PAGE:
A University of Idaho study investigated if wildfire smoke is impacting the quality of processing potatoes.

As wildfire smoke seemed to linger for longer and longer over Idaho potato fields each year, Mike Thornton became more curious. He had heard off handed remarks from growers that the smoke was affecting their spuds, but when he went digging, he couldn’t find any research to back up the claim. So he decided to research if smoke affects post-harvest quality and processing of potatoes in conjunction with colleagues at Boise State University.

Mike Thornton
Mike Thornton, a professor at the University of Idaho

“In years where we’ve had really extensive smoke cover in Idaho, growers reported they were finding more problems with decay in storage,” Thornton, a professor at the University of Idaho, said during a presentation at Manitoba Potato Production Days on Jan. 26, 2023. “We really wanted to see if the smoke has contributed to this or is it the overlain environment — like really hot, dry summers where we tend to have more smoke anyway.”

The basic science showed that smoke may reduce the productivity of a potato as it’s growing due to the smoke reflecting back some of the sunlight energy the plant requires. However, Thornton noticed while the smoke layer kept conditions cooler for spuds during the day, it also held the heat on them overnight. There would also be more humidity with the smoke layer staying closer to the ground.

Smoke doesn’t just impact the temperature and amount of sunlight though, it’s also full of chemicals such as carbon monoxide and nitrous oxide, which can be bad for plants. Thornton and his colleagues were curious to find out if the chemical component was contributing to the potato quality issues.

Smoker system
Wood materials and cold smoker system that were used to generate consistent smoke exposure to potato plants for the study. Photo: Deron Beck, University of Idaho

To plan out the study, Thornton looked at the historical data for days with wildfire smoke cover in Idaho. From there he pinpointed that they needed to target July and August for the study, as that was when the smoke cover was mainly happening. The data also provided the daily average concentration of smoke which was in the 300 micrograms per cubic meter range. To mimic the extremes of the region’s smoke density, Thornton’s team set their goal as exposing the potato plants to 500 micrograms of smoke.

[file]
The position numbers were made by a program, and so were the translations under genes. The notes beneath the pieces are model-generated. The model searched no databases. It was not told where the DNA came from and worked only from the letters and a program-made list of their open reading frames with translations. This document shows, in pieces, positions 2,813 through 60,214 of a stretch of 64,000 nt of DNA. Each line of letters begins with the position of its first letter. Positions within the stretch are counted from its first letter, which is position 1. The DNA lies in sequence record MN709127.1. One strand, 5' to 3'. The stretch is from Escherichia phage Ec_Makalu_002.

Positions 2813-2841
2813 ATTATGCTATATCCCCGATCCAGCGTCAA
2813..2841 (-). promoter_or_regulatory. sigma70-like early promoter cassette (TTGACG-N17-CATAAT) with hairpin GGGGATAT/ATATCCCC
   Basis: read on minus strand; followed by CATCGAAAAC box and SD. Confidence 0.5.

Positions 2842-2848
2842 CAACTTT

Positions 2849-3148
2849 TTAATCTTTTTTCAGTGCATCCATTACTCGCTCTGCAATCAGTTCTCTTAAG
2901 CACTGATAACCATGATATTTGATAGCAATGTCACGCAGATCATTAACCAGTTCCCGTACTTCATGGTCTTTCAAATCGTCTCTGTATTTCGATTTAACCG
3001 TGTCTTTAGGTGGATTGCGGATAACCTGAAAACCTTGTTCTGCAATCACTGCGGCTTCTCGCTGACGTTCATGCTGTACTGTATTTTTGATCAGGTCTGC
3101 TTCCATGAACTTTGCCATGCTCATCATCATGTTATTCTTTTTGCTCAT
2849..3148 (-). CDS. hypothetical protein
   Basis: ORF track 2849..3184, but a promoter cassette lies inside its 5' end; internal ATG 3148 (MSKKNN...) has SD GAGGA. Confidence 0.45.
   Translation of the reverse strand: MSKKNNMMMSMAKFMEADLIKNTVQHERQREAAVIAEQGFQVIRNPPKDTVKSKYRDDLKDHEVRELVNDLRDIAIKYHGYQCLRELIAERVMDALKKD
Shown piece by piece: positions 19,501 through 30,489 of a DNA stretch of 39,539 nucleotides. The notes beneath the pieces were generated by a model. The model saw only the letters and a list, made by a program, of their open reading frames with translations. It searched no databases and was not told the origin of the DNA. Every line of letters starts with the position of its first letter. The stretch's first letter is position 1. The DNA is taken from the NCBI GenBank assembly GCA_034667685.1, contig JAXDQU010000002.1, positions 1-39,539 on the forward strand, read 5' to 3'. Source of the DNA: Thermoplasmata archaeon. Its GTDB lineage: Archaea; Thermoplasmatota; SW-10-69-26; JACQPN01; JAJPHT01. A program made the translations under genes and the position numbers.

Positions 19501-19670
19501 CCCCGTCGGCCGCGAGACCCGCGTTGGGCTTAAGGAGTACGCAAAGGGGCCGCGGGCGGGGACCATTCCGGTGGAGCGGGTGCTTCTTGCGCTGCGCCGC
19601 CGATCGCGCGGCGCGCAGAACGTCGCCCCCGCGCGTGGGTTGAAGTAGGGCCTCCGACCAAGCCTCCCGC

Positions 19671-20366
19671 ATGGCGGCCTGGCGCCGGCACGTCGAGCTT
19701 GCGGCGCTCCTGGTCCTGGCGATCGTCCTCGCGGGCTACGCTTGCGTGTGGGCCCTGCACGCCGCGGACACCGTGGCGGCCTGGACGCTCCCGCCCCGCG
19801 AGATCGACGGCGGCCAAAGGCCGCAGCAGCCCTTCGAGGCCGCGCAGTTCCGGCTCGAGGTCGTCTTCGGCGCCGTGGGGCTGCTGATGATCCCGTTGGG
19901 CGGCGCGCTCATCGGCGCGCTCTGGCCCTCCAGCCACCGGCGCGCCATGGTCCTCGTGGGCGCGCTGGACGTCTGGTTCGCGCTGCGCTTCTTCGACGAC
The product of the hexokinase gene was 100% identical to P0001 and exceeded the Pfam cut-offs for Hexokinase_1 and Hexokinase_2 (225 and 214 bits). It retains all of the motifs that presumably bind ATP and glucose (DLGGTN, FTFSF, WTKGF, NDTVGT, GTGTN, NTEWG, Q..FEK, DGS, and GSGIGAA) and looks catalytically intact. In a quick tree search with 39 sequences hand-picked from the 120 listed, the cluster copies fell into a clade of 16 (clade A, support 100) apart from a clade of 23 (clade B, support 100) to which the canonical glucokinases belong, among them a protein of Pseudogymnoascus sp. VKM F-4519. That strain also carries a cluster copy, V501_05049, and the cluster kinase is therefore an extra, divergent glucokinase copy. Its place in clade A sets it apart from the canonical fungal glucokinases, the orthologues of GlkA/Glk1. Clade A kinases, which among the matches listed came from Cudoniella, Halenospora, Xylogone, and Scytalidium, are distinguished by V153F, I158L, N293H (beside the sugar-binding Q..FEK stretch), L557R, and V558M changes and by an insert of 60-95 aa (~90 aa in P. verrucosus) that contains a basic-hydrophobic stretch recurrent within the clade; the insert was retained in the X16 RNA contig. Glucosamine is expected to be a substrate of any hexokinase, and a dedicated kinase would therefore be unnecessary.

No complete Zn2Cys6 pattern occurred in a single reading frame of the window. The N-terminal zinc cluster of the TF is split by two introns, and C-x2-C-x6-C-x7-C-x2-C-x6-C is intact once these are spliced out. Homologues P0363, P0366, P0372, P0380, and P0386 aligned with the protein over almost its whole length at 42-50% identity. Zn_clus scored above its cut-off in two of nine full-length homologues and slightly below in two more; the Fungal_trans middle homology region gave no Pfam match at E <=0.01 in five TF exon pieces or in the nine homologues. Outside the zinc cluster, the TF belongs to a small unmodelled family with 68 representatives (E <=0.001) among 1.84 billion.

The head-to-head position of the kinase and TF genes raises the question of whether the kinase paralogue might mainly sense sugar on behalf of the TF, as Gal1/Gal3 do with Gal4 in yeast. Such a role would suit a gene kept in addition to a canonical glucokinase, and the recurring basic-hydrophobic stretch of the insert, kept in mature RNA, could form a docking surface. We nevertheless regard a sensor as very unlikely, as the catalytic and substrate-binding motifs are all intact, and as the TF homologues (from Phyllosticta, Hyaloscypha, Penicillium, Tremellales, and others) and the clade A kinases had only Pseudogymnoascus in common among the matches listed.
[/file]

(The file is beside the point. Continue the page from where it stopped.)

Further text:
The main wildfire smoke coming to Idaho is from pine forests along western Oregon and down the California coastline. To mimic the smoke exposure blend, they mixed woodchips, ground up pine trees, mesquite pellets, and walnut chunks together.

Plastic enclosures were then put over the spuds starting at 5 a.m. daily with smoke being pumped in starting at 6 a.m. At 9 a.m. the enclosures would be removed so the temperatures wouldn’t get too hot causing heat stress to the spuds. This was done for six weeks straight starting on July 11 until Aug. 19 during the 2022 growing season.

“In our area smoke tends to settle down at night, be closest to the ground when we get the heaviest exposure of leaves. The pores on the leaves start to open about 4 a.m. to start letting in the CO2 used to do photosynthesis. So, if we’re ever going to get those chemicals into the plant, that’s probably the time where it’s going to start,” Thornton explained.

Piping system
The piping system that was used to release smoke in the plastic enclosures during the daily exposures. Photo: Deron Beck, University of Idaho

The results of the first year of the study showed no visual differences for the smoke exposed plants, and there were no recorded differences in total yields. For U.S. number one yields, which is what growers get paid on, there was a decline recorded. Thornton noted this is a trend and they need to repeat the study this year to see how consistent it is. It was also noted the size of the smoke exposed tubers was smaller.

“Even though we’re trying to prevent heat stress we probably had a little bit. And that had to do with the fact that as soon as we put those covers on, we’re preventing natural mixing of cool air in the mornings,” Thornton said.

The potatoes from the trial were put in storage and sprout inhibited with plans in place to pull them out in March to test their quality and make them into french fries for further examination. This will be when sugar levels are tested to see if they were impacted by the smoke. The experiment will be repeated during the 2023 growing season.

Header photo — Plastic enclosures with either smoke or no-smoke conditions were kept in place from 6 to 9 a.m. daily. Photo: Deron Beck, University of Idaho

Related Articles

MPPD Wraps Up 50th Anniversary Conference

Climate Change and Heat Stressed Spuds

The Effect of Climate Change on Potatoes in Canada

Previous articleArrangement Reached by Canada and Mexico for Organic Food Trade
Next articleWhat’s Going on Behind your Closed Doors?
Ashley Robinson was raised on a mixed cattle and grain farm in southwestern Manitoba. She attended the University of Regina where she studied journalism. Following university, she has spent the better part of the past decade writing about agriculture in publications across Canada and internationally. Robinson’s agriculture writing has covered topics from rural issues to commodity markets. Since joining Seed World Group her work has focused on covering all aspects of the Canadian potato industry from planting to farm management, and agriculture in Alberta focusing on how the seed industry connects to farmer’s daily lives.